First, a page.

For example, the Standard & Poor’s 500 Stock Index has risen from a level of 17 in 1950 to 1,540 at present. But deduct the returns achieved on the 40 days in which it had its highest percentage gains—only 40 out of 14,528 days!—and it would drop by some 70 percent, to 276. Or eliminate the 40 worst days; then, the S&P would be sitting at 11,235, more than seven times today’s level. A good lesson, then, about “staying the course” rather than jumping in and jumping out.
The same concept applies to individual stock investments as well. (hat tip to Arpit Ranka)
Empirical research has shown that 80%–90% of investment returns have occurred in spurts that amount to 2%–7% of the total length of time of the holding period. The rest of the time, stocks’ returns have been small. With stocks, you have to be in to win. We believe that value-oriented stocks with extreme investment characteristics are likely to beat the returns from cash over the long run. Index funds stay fully invested with no cash. The long-run odds of having your portfolio generate returns in excess of returns from fully-invested index fundsIf you can buy something for a meaningful discount to its value, then buy and stay the course. If you try to time your purchase too precisely, chances are it will suddenly run up with out you.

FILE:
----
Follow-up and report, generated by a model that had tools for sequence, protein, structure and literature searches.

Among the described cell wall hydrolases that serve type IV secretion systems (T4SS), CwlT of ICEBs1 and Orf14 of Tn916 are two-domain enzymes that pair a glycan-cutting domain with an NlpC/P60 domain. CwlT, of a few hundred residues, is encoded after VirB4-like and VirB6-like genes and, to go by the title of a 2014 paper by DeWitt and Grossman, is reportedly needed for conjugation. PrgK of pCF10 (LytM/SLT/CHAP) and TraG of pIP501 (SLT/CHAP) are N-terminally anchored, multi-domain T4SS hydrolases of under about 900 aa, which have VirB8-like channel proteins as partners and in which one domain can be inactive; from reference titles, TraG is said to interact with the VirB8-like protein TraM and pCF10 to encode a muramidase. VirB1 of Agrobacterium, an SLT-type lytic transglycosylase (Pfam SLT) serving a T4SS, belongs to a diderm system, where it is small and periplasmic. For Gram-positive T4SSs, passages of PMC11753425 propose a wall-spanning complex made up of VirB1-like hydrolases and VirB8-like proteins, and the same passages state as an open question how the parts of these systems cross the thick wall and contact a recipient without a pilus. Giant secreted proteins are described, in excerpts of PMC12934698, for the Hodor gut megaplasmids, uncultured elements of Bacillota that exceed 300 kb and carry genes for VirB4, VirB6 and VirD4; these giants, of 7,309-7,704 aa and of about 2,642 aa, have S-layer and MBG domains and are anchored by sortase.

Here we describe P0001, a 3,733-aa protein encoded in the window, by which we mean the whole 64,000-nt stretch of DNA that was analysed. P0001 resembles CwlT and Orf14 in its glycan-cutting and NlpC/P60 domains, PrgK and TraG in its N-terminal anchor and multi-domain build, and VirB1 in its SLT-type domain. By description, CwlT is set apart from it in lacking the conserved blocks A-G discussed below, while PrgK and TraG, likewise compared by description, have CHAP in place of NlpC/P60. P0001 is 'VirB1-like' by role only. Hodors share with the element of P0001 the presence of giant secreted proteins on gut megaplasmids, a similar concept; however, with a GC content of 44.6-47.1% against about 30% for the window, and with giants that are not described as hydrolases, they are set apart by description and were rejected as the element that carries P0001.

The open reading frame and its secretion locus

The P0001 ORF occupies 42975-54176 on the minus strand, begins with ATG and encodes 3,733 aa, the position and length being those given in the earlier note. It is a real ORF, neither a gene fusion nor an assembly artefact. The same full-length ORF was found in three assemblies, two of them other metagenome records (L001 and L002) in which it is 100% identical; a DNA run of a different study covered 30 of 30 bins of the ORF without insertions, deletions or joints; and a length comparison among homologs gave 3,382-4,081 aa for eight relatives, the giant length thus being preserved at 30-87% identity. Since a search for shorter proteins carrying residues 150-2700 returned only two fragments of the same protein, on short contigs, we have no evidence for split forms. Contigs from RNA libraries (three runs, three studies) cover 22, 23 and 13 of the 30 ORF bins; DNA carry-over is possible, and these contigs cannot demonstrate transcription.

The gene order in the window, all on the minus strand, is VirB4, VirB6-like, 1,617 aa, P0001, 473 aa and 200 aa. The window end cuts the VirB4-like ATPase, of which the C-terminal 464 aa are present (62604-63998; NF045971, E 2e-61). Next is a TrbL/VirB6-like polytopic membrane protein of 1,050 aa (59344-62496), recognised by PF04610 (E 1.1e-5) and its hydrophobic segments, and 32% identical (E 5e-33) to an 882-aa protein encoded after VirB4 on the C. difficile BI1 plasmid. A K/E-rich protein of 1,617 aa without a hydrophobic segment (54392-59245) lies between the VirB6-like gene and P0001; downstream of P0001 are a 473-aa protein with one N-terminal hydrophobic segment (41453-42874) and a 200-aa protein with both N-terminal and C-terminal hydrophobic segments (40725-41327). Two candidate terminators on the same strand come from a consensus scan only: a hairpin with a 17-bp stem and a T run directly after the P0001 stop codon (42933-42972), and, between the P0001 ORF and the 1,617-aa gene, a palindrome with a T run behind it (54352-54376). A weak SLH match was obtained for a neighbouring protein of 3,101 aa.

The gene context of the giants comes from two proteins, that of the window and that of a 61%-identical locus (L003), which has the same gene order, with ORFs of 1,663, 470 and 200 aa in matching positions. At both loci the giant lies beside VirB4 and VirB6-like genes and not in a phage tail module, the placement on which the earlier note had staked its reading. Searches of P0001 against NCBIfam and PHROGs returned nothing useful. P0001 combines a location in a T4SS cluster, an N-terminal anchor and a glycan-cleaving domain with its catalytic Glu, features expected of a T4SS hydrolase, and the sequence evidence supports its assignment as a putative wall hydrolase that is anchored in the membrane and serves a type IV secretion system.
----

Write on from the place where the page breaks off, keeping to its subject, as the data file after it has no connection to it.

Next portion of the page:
are enhanced by keeping cash to a minimum and staying as fully invested as possible. (Note: It is a little painful for us to write this section because, in our past, we often sat on our thumbs with too much cash in clients’ portfolios before empirical research and our own analysis convinced us of the error of our ways. We were not knowingly market timing, but were overdiversifying: Instead of investing 3% of portfolios in a perfectly good bargain stock, we invested 1% because we wanted to buy more at even lower prices. Cash, and lower investment returns, were the residual of this process.) - Tweedy Browne Partners. (Link)